In many investment banks and major fund-management companies, automated "robot" trading systems now do work that 20 years ago would have required large numbers of human traders to perform: the rise of robot traders is a major success-story for artificial intelligence (AI) research. Although the technical details of currently profitable automated trading systems are closely guarded commercial secrets, the rise of robot trading can be traced back to a sequence of key AI research papers. Each of these key papers relied on minimal abstract simulation models of real financial markets: the simulators provide test-beds for trials in which the performance of different trading strategies could be evaluated and compared. Recent studies have revisited these seminal results, using more realistic simulations of contemporary financial markets, and have cast major doubts on core conclusions drawn in the original publications. Therefore, it seems reasonable to argue that present-day simulation methods are exposing significant problems in past research on automated trading. This position paper presents no new empirical results but instead presents a review of key past papers and an argument, a manifesto, for establishing a shared market-simulator test-bed that adequately reflects current real-world financial markets, for use in future evaluation and comparison of trading strategies.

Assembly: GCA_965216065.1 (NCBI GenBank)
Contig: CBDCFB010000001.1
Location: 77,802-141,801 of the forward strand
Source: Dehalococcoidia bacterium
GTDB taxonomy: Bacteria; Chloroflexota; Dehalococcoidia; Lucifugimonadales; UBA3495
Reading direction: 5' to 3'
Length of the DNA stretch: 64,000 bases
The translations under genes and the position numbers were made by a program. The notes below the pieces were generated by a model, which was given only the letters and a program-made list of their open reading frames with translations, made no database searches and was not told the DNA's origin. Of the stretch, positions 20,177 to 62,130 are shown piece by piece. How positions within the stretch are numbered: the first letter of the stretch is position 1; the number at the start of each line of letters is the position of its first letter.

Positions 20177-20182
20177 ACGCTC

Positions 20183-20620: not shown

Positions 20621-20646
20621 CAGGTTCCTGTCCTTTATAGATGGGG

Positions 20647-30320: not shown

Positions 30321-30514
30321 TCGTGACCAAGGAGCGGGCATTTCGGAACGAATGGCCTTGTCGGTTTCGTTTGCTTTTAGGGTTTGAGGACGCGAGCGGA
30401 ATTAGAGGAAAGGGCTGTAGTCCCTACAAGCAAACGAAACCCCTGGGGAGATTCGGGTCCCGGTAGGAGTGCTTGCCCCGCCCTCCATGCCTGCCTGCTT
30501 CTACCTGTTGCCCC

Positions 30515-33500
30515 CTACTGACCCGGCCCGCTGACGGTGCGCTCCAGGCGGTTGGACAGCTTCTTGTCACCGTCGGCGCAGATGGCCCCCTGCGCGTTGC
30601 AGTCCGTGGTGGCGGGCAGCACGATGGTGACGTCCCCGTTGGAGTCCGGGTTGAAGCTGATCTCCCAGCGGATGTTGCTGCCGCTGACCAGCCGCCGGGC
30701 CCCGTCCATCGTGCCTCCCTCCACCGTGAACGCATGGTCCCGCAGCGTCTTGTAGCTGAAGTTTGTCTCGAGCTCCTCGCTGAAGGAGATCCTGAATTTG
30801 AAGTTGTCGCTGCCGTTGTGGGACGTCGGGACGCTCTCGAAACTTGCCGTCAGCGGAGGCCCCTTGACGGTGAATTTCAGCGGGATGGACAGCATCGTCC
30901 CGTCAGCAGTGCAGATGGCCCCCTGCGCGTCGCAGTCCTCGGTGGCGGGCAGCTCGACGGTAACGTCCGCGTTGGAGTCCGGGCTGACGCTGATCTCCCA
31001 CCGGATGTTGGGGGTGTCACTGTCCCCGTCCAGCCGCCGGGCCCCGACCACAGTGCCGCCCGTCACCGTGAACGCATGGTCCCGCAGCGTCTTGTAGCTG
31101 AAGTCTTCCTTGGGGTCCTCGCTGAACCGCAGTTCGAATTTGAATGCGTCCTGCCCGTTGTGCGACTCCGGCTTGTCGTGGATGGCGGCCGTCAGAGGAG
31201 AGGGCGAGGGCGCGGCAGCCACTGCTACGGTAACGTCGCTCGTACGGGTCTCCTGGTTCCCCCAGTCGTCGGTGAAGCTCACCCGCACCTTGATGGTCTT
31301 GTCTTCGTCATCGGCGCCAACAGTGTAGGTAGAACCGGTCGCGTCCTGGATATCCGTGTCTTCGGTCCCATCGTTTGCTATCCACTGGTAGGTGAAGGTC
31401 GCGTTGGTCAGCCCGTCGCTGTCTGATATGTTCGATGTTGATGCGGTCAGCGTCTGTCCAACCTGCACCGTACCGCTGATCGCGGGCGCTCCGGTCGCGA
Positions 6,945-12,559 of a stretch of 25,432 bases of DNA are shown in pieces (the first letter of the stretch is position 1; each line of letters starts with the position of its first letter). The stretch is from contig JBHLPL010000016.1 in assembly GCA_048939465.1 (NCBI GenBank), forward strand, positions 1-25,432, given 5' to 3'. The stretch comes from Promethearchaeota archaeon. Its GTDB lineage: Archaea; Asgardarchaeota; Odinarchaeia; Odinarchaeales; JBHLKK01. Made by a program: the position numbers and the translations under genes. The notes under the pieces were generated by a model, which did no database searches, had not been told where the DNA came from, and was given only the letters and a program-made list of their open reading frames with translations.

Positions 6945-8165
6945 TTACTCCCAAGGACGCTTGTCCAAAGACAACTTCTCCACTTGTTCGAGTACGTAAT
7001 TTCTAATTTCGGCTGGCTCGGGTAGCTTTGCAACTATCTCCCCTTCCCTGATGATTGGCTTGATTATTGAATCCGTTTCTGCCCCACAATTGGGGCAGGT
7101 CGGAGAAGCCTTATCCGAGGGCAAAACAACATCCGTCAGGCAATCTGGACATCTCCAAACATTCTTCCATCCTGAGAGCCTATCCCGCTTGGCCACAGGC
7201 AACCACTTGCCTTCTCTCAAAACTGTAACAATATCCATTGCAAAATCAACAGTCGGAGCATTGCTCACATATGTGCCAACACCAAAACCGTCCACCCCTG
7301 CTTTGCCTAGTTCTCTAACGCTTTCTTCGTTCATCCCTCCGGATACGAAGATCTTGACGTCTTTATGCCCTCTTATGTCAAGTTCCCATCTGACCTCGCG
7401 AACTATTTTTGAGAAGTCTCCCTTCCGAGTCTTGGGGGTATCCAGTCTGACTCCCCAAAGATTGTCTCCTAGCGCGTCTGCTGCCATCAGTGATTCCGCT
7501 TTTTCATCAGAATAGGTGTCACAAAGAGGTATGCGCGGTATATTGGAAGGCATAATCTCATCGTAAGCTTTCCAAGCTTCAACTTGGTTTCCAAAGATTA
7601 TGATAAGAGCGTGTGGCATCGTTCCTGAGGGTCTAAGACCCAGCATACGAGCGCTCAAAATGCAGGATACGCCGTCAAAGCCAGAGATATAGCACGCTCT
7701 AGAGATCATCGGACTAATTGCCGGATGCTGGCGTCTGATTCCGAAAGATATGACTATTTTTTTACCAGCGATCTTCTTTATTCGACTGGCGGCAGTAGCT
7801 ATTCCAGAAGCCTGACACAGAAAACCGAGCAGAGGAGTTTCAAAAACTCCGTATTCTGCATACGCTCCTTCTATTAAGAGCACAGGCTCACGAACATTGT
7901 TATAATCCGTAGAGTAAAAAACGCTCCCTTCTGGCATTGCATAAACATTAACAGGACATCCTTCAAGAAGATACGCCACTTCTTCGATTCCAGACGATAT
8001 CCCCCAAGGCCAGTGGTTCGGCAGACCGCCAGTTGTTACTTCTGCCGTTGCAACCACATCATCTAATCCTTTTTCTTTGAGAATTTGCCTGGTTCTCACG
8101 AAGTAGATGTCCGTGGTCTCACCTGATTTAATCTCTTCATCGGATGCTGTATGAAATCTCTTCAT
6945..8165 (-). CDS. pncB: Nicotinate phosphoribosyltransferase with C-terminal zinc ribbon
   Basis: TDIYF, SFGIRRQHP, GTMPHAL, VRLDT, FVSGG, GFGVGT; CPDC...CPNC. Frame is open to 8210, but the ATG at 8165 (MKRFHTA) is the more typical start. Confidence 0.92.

|Number of pages
|Published - 20 Sept 2019
|International Conference on Modeling and Applied Simulation - Lisbon, Portugal
Duration: 18 Sept 2019 → 20 Sept 2019
Conference number: 18
|International Conference on Modeling and Applied Simulation
|18/09/19 → 20/09/19